You can never know what a buyer’s intentions are, or what they have in their wallet. For sure, never sell with what is your wallet. Some buyers will eagerly jump on add-on offers, but don’t know such offers exist unless you guide them to a helpful suggestion. Those who don’t want anything extra will not have a problem resisting your proposal, nor will the offer diminish your original sale. Nothing ventured; nothing gained. Always OFFER BIG!
>> You have practiced countless hours to perfect your craft, good for you. You need to practice your selling skills. Enlist a family member or friend to role play and listen you talk about yourself and your work. Practice making offers in the mirror.
There is always one best way to say something. When you groove what you will say, you lose nervousness about it because it will flow naturally from you. Know your opening lines and questions. Know how you will respond to discount offers. Understand how you will construct a multi-piece offer. Practice acting for referrals. You will be surprised how many people will be willing to help you if you ask them.
The reality in selling art is there are only a few situations and questions you need to handle. Most are merely variations of basics. As you practice your reaction time and ability to adapt will improve. You want to be smooth, not slick, engaging not smarmy, enthusiastic not withdrawn. Work on your techniques and phrasing until it becomes natural to you. This action will calm your nerves and help you get deeper into understanding your buyers.
>> Selling art is a numbers game, just as are all other forms of making sales. Hearing a no advances you closer to a sale. Don’t throw out everyone who turns you down. Many have legitimate reasons for not buying now. They need to go back in your sales funnel. The definite nos are good to get out of the way.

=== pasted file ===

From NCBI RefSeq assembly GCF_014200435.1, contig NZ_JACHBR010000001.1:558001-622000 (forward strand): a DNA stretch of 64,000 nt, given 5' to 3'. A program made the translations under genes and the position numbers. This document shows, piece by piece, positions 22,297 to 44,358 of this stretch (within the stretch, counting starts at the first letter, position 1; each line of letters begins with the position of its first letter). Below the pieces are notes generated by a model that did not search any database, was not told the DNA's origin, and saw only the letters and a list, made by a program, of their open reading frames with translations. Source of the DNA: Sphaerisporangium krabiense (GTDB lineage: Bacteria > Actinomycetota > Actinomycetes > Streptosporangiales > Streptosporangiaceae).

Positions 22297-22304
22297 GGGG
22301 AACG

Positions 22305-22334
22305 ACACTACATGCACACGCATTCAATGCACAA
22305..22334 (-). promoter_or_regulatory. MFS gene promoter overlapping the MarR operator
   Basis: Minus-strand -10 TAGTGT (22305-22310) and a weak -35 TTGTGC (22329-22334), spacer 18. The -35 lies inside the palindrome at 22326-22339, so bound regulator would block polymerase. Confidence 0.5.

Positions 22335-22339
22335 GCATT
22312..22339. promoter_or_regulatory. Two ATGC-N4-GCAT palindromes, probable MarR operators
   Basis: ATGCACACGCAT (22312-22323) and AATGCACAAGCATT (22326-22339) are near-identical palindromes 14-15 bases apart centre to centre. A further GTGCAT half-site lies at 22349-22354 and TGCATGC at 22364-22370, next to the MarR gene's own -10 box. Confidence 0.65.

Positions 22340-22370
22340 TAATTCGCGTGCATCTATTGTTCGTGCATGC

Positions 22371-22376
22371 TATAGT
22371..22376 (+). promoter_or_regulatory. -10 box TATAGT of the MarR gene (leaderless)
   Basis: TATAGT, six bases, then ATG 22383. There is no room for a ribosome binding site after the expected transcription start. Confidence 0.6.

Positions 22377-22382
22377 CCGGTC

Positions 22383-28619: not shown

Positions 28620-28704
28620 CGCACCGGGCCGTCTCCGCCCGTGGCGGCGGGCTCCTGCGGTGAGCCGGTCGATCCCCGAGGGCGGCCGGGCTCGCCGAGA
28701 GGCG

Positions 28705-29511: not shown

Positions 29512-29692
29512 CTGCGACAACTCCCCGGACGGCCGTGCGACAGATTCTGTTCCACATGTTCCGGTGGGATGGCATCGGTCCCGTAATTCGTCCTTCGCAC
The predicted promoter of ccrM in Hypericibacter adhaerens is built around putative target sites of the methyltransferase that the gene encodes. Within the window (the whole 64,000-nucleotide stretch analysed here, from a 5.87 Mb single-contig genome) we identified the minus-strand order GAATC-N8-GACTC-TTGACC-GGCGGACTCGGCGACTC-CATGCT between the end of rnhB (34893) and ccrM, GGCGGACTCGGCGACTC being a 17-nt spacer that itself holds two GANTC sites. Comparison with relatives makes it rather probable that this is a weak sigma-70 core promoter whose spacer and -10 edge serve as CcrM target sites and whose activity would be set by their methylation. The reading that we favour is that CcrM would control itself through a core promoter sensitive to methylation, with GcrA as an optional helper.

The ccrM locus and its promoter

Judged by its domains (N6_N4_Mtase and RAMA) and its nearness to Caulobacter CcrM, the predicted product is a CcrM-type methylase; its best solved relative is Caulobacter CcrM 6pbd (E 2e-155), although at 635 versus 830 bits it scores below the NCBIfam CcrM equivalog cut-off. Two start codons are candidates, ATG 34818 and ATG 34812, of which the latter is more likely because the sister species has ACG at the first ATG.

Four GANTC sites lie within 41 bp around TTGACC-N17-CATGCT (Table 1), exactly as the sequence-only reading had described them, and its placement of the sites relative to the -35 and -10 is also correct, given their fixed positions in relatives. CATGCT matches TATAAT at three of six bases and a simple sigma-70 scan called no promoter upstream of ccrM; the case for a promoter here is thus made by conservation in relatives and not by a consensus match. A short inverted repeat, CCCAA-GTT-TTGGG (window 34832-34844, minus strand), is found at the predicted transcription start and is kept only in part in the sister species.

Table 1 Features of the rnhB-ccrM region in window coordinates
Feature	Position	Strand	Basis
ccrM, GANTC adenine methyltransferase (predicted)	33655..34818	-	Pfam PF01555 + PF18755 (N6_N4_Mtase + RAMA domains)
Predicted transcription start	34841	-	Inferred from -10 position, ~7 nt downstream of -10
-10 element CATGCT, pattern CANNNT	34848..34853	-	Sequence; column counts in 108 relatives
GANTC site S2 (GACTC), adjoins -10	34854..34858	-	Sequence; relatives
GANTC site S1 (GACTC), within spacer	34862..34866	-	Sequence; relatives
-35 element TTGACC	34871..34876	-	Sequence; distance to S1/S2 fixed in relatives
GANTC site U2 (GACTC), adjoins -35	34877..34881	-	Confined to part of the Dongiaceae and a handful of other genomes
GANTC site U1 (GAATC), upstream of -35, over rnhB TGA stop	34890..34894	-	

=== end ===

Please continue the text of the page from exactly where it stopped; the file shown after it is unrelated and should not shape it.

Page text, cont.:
Don’t let personalities enter into the equation. You control how you react to everyone you meet. You cannot account for someone’s lack of knowledge, indifference or boorish behavior. Sure, some comments and lost sales may sting for a moment, but if you let any form of rejection fester, you are compounding a problem that should never exist. You can’t win them all. Learn to chalk up rejection as just one more no until you get your next yes.
>> As with the suggestion to practice what you will say above, start writing down potential open-ended questions and open-ended follow up questions. Refine your questions until you have a group of them that are your best art tools; the reliable go-to ones you use with ease. As these questions become ingrained with your repeated use and refinement, they will become your best aids in selling art. By writing them down and reviewing them regularly, you will avoid getting in a rut and failing to turn your conversations into useful fact-finding missions. Reviewing keeps you from forgetting what you already know.
>> You negotiate daily with your spouse, your employer, your children and others. “Can I stay out until eleven tonight?” “Why can’t we go camping this weekend?” “Can you work some overtime next week?” Or, you might negotiate the price of art materials, the cost or position or both for booth space in a show. You may have a landlord who wants to raise your rent or move your location. You may have a buyer who wants a lower price for your art. You may counter with free shipping or hanging instead. Successful negotiation is a learned art.
The point is to learn to stand up for yourself with quiet confidence and be ready to counter with your offer. Affirm and respect the other person’s suggestion. Don’t be offended whatever it is. Learn to acknowledge what they offer and then come back with your counter. Don’t ask for your lowest price to start, you can only go down from there, and that puts you in a losing position. Take the time to read any of the many excellent books you can find on the art of negotiation. Improve your business negotiation skills by 5-10 percent, and you will add tens of thousands of dollars to your lifetime earnings. All just for asking and negotiating in good faith.
Practice the suggestions here and put them to use, you will be well on your way to selling more art and making more money from the sales you complete.